Issues Change, But the Script Remains the Same
The previous U.S. president unilaterally decided to invade Iraq in order to violently oust Saddam Hussein and ostensibly turn the nation toward democracy by force. The current U.S. president recently urged Egypt’s former president, Hosni Mubarak, to step down, but only after weeks of sustained, nonviolent protests from the Egyptian people calling for democracy.
Now, if you were forced to choose, which of the above actions would you label as ‘imperialist’? I know. You’re probably thinking, “Obviously, that would be the first one. Duh. No comparison.” And if so, you’re right of course!
But according to the unhinged James Lewis – of the equally unhinged, right wing conservative website, American Thinker – President Obama’s peaceful, nonviolent, non-show of force in Egypt was “an act of imperialistic aggression against a peaceful sovereign state.”
Oookayyyy. I don’t want to dive too deep into Lewis’s alternative reality, Glenn Beck-style end times rabbit hole, wherein, apparently, ‘Radical Left’ Communists and ‘Muslim radicals’ have formed an alliance with a view to dominating the globe (what?). But I do want to point out a couple of things about this.
The big thing that jumped out at me about Lewis’s article is how he couldn’t be bothered to acknowledge the driving force of this story: the legitimate grievances of the Egyptian protesters. Instead, Lewis seems more concerned about Obama and the thought that he might’ve hurt poor Mubarak’s feelings. For example, Lewis writes:
Enter Obama. What Obama just did was encourage a twittered revolt against Mubarak, and then publicly, brutally, in the most humiliating way, order him to resign.
Yes. Poor, poor defenseless, verbally disrespected, publicly humiliated dictators. Doesn’t anyone care for their feelings and sense of pride anymore? What has happened to this country in the age of Obama?
But seriously, what about the Egyptian people here? When the subject is the ‘Tea Party’, the folks at American Thinker can’t seem to stress enough the importance and inherent goodness of ‘the people’ rising up against arrogant, elitist, tyrannical rulers (read: liberals). But the Egyptian people? Meh, they’re probably just being tricked by a bunch of dangerous Leftist / Communist / Islamist agitators stirred up by Obama and posing as average citizens, or something. Better to leave things as they are.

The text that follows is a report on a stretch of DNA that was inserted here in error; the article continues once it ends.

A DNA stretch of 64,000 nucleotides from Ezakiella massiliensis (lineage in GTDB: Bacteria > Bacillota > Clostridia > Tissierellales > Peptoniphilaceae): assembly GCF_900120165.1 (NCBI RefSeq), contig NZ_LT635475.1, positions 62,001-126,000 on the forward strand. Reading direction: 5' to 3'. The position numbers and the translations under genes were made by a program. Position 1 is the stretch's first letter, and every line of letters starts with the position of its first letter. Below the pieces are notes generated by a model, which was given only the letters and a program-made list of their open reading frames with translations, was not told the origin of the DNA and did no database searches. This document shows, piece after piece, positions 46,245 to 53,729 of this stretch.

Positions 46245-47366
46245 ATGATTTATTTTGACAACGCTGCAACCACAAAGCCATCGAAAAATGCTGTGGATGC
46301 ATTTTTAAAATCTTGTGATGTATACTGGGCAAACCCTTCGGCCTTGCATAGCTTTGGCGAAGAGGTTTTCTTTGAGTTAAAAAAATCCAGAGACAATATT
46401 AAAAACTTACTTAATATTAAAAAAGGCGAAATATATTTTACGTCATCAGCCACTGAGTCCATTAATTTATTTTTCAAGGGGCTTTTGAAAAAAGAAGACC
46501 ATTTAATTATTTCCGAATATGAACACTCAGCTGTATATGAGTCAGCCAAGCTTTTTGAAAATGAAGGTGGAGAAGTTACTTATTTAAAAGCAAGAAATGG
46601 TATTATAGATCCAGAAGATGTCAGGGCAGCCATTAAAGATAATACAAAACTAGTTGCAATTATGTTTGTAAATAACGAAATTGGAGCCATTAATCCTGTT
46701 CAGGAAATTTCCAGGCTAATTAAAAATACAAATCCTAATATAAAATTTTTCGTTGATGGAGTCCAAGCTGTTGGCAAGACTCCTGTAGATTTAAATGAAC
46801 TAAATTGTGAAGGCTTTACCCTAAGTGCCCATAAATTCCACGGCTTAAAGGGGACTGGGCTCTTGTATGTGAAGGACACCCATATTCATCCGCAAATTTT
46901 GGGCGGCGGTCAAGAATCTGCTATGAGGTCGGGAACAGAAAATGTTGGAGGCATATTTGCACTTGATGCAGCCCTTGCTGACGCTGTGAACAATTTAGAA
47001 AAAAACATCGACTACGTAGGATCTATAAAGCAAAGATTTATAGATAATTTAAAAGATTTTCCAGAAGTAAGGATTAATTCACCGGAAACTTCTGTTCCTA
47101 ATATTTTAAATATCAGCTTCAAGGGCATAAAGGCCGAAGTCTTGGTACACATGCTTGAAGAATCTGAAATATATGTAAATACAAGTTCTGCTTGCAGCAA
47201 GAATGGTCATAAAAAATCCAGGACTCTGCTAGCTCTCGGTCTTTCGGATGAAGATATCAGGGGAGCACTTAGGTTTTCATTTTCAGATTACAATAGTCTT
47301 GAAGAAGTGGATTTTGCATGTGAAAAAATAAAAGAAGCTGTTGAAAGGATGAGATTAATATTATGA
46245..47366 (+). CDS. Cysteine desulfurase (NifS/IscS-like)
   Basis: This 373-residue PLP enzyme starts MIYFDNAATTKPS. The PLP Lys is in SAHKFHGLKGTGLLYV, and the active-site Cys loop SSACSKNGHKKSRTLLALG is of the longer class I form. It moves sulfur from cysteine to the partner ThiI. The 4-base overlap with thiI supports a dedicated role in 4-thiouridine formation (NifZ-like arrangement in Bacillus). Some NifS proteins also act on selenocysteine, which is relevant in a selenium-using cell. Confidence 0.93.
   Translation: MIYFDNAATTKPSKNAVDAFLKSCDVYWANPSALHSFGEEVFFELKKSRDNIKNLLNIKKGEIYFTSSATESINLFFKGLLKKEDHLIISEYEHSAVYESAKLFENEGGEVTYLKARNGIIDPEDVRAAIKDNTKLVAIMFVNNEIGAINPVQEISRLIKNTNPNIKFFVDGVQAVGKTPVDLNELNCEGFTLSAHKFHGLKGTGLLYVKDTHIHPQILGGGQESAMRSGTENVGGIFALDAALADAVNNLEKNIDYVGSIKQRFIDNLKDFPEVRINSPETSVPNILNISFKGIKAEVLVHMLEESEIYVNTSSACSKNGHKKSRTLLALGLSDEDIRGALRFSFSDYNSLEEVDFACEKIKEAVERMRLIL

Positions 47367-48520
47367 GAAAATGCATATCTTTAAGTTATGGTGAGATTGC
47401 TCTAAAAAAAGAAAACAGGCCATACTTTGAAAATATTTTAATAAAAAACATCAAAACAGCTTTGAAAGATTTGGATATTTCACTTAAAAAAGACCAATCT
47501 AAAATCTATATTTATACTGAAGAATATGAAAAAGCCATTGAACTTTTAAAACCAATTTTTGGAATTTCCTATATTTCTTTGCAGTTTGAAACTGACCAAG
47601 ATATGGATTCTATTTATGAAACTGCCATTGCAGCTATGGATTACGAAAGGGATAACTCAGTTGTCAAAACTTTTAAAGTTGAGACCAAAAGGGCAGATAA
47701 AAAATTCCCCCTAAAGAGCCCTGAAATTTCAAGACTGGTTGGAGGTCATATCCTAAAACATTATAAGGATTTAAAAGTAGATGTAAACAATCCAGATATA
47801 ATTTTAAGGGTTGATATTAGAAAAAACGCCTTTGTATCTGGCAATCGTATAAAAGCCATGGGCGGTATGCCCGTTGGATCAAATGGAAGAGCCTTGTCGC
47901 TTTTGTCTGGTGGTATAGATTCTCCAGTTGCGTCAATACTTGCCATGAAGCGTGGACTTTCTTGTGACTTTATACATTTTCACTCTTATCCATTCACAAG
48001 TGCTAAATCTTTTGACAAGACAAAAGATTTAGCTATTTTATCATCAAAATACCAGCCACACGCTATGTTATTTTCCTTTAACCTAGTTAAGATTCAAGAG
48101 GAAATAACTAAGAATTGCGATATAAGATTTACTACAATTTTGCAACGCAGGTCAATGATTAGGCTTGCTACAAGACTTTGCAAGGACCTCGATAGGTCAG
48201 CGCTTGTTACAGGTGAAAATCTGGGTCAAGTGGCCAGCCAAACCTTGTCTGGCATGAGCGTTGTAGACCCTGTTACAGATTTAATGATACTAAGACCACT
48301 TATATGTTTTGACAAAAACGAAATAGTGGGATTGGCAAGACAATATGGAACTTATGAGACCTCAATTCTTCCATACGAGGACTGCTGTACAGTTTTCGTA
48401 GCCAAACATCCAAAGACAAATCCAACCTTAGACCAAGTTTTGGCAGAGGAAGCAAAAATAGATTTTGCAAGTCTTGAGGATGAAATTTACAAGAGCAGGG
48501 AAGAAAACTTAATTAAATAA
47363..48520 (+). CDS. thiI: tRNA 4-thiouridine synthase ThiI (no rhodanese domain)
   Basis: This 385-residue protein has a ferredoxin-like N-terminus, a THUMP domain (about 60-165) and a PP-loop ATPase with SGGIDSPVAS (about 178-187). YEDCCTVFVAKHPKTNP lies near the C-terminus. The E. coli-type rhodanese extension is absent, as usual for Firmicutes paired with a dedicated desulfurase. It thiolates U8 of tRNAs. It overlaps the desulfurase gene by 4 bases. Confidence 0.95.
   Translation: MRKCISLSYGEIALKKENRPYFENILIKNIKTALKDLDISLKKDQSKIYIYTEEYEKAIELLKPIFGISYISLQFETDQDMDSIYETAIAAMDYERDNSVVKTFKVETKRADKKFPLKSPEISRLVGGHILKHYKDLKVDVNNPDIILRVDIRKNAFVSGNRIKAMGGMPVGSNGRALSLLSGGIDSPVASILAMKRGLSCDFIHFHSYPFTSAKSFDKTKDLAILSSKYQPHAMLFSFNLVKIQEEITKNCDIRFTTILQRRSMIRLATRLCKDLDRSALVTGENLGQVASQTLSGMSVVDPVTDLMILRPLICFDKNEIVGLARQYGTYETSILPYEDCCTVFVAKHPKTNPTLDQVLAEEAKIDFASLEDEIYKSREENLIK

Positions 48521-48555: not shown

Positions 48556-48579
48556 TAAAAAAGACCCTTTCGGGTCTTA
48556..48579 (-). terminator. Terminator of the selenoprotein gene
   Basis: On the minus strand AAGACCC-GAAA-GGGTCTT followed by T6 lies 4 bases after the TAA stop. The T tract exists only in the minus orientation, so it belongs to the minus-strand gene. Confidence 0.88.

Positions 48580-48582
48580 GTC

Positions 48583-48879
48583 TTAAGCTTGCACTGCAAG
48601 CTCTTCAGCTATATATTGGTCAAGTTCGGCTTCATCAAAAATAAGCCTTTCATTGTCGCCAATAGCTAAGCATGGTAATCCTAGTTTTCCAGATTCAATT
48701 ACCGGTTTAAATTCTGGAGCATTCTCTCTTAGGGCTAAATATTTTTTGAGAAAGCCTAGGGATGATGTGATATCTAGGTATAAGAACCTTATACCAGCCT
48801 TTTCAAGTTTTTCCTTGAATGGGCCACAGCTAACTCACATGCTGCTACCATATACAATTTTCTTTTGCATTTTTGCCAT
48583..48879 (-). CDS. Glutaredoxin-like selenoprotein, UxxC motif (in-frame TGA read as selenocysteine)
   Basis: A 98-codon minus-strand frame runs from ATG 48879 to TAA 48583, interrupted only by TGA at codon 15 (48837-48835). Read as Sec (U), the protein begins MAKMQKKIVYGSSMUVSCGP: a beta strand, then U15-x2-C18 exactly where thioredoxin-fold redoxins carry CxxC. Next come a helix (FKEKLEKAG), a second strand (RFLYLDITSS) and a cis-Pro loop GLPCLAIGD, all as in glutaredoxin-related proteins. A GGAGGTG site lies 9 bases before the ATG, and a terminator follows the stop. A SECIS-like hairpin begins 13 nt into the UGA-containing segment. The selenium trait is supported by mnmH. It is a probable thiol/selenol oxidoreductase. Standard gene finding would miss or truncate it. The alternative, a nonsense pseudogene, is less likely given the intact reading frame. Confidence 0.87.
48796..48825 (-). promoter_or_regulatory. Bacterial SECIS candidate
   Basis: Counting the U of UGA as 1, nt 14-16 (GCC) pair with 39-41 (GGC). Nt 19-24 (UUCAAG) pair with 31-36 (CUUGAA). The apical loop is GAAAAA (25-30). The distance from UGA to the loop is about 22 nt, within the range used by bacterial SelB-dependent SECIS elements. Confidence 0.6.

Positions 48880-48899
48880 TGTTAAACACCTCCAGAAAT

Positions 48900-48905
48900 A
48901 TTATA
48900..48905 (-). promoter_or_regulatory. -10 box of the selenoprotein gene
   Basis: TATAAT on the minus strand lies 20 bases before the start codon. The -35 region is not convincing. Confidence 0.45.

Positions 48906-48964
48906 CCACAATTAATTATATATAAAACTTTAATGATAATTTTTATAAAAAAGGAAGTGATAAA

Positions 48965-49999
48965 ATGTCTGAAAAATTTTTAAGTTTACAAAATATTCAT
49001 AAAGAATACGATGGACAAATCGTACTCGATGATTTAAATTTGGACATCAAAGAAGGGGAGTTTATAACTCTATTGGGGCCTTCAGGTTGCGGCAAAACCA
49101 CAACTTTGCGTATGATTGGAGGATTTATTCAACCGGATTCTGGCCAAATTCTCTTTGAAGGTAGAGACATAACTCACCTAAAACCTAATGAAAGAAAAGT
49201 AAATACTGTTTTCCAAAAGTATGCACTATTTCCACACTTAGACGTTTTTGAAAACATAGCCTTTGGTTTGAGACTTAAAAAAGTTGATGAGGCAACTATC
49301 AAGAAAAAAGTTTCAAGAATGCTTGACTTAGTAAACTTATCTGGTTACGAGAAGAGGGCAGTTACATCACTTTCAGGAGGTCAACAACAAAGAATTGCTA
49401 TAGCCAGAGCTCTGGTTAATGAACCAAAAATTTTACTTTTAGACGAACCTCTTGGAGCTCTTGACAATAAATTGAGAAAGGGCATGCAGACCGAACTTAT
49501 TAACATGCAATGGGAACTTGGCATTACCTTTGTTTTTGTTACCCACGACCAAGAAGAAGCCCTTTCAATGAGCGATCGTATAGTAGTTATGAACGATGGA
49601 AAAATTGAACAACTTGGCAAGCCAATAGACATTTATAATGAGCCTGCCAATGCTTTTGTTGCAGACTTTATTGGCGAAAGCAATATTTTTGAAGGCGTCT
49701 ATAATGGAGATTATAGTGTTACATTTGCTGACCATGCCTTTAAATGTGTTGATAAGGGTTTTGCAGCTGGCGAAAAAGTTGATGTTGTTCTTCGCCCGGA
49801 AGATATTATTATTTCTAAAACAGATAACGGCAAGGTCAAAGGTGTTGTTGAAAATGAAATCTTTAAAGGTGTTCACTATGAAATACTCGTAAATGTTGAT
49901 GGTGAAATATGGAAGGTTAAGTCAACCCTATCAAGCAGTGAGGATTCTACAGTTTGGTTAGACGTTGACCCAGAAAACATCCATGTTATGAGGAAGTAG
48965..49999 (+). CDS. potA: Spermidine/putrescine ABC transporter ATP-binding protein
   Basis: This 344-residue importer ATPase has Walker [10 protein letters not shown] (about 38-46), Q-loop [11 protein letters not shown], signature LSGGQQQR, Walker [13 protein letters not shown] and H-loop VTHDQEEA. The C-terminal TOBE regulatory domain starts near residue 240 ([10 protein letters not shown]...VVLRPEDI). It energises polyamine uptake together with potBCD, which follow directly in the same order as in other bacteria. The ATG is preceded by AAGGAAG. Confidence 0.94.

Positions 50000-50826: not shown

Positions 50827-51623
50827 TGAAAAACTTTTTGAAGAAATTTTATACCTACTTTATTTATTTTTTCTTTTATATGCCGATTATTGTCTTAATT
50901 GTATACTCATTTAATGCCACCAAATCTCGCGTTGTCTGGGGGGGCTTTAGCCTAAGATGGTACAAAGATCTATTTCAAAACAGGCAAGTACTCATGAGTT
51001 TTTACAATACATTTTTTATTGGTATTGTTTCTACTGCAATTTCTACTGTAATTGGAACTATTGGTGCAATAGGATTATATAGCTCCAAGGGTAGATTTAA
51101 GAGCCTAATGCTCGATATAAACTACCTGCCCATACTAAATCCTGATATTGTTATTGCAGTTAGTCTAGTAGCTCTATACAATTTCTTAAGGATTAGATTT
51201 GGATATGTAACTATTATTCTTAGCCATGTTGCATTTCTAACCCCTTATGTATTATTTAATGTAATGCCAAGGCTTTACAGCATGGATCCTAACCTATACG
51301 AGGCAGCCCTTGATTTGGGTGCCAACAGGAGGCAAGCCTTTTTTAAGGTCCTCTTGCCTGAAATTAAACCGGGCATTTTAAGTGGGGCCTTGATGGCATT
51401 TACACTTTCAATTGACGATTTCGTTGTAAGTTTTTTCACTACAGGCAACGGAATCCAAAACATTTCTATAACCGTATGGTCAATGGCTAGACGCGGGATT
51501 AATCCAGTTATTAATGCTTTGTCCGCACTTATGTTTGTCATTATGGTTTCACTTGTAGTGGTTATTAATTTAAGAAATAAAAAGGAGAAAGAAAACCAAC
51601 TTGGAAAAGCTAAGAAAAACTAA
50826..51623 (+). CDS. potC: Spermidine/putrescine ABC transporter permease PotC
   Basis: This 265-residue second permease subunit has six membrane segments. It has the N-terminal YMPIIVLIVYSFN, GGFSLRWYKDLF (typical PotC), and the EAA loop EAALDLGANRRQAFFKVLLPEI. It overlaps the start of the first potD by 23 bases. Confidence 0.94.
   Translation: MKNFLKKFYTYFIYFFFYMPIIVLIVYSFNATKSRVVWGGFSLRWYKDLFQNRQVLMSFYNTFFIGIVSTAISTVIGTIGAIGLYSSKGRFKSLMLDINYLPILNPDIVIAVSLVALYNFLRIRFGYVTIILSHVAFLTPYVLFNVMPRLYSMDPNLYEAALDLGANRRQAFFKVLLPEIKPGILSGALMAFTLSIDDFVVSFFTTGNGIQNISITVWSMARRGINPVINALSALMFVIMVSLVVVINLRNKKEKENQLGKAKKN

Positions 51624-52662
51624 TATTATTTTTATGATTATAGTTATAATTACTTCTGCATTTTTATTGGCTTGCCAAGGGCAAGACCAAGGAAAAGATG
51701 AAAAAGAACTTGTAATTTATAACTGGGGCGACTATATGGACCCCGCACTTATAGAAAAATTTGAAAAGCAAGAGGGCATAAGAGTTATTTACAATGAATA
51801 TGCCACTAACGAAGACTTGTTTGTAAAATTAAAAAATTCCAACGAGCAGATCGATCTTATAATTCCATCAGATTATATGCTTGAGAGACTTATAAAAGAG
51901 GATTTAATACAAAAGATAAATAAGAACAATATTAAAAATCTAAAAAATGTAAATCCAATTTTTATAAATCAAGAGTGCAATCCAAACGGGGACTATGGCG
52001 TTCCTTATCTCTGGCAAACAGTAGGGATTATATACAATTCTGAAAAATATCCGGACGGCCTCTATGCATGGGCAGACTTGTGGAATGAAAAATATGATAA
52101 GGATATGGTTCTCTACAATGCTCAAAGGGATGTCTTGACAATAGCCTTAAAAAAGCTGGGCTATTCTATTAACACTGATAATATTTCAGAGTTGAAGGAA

Of course it’s one thing to be a bit cautiously skeptical about the current situation in Egypt. Mubarak’s ouster has left the military in charge for a transition period, and we don’t yet know if it is going to truly lead to a better, freer situation in the long run. The uprising is certainly exciting and important, and the people’s success so far is praiseworthy. But, still, some concern and watchful hesitation is understandable and appropriate. However, what right wing fearmongers like James Lewis and Glenn Beck are saying is quite a different thing. Their message seems to be that the ‘stability’ of the status quo is more important and much more desirable than risky revolutions in the name of justice and freedom.
And that attitude should surprise no one. Or rather, it should only surprise those who have bought into a false line about such conservatives in the current ‘Tea Party’ moment. That false line is that the Tea Party crowd is at all times interested in principled stands for liberty and against tyranny and oppression. But that, I think, is inaccurate. Perhaps some people in that crowd genuinely are, but in large part, the Tea Party most often tends to serve as a vehicle for pushing extreme conservative political goals and working against all liberal ones. It’s generally that simple.
I’ve suggested this point before: that right wing conservatives are, at best, highly selective about supporting freedom and democracy. And at worst, many are down-right uncomfortable with and opposed to such goals when it comes to the inclusion of people and ideas they don’t like and / or see as threats. One way to see this is to think about various social movements over time, particularly those with liberal goals.